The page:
Stroke is the second most common cause of death worldwide. Hemorrhagic stroke is the rupture of a weakened artery in the blood while Ischemic stroke occurs due to occlusion of the artery supplying blood to the brain due to a blood clot or blockage. Both types obstruct the oxygen supply to the brain leading to death of the brain cells. Strokes could be potentially fatal and can occur at any age.
Explaining all ‘S’ of Stroke:
Spotting a Stroke
Perceiving a stroke on own could be a challenging task since it clouds the brain’s judgment. However, for a person standing by a stroke victim, identification of this medical emergency could enable fast action. The extent of recovery depends solely on the time taken to initiate primary treatment. For a patient of stroke, every minute counts. There could be confusion, sudden weakness, imbalance or even loss of consciousness. The easiest way to memorize the warning signs of a stroke is through the acronym FAST
F – Face drooping
A- Arm Drifting downwards
S – Speech Slurring
T – Time to call help
The possibility of experiencing a second stroke drastically rises with a previous history of stroke. Rehabilitation, emotional support, and a healthy lifestyle could be key players in your road to recovery. Monitoring blood pressure, cholesterol and blood sugar regularly could prevent your chances of second stroke by about 80%. It is also essential to be conscious of the warning signs and the “FAST” abbreviation to enable quick treatment.
A stroke, like all injuries, leaves a scar on your brain. This scar tissue causes disorganized electrical activity in your brain leading to a seizure. Most seizures aren’t detrimental to the brain and are the common side effect of the stroke. The first 24 hours or the few weeks after a stroke are crucial when stroke victims are most prone to developing a seizure. Rarely, seizures could scale up to post-stroke epilepsy.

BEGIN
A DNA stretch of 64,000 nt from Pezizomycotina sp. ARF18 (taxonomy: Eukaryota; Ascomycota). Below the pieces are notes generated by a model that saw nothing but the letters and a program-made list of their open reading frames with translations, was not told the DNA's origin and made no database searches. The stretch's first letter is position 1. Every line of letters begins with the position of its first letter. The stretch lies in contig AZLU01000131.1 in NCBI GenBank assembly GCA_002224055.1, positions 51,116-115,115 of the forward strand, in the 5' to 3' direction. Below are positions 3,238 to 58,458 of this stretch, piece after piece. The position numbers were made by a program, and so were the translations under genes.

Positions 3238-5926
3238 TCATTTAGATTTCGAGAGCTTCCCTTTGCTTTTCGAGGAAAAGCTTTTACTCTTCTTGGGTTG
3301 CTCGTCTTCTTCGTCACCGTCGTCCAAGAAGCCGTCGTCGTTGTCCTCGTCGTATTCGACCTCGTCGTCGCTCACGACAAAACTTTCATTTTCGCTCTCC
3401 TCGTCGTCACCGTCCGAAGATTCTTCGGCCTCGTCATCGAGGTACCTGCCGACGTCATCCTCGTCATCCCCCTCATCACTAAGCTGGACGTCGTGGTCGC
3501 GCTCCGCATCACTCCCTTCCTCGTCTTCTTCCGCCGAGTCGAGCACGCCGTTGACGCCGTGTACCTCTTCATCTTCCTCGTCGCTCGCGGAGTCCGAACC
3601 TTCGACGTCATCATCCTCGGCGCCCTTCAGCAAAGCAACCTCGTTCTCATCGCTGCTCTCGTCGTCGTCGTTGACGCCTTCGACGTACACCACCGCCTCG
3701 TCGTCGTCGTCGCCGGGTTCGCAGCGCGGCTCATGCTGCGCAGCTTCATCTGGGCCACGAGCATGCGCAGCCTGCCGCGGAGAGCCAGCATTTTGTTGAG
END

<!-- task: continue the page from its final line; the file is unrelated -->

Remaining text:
Spasticity occurs when a stroke damages the portion of the brain that controls muscular movement leading to overactive reflexes of the muscles. Spasticity leads to involuntary contraction of the muscles leading to stiffness or localized pain. This can cause a tight fist or toe-curling which limits the range of motion making it almost impossible to move. Muscle relaxants, Botox injections or braces are recommended to manage spasticity.
A stroke changes our sensory perceptions leading to numbness, tingling or paralysis of one side of the body. There may also be a heightened sense of pain. The brain is confused and unable to distinguish temperature differences and eel sense temperature,
Until recently it was a well-accepted notion that the brain is a post-mitotic organ, meaning it could not repair or regrow its neurons once they die. Recent research has however demonstrated that if not self-regenerative; new neurons can be produced with the help of stem cells infusion. Stem cell therapy is a promising new treatment for patients of stroke. Stem cells transplanted into the damaged brain site release therapeutic factors that nourish the new brain cells or neurons and can help in rewiring the brain circuits. It’s a new ray for even patients who showed motor impairment even years after stroke incidence. A major clinical trial in California conducted in 2016 revealed promising results for stroke victims. Patients regained motor function and there were cases where wheelchair-bound patients could walk again. There were improvements irrespective of the age of the patient and even people aged 70 or more showed significant signs of improvement.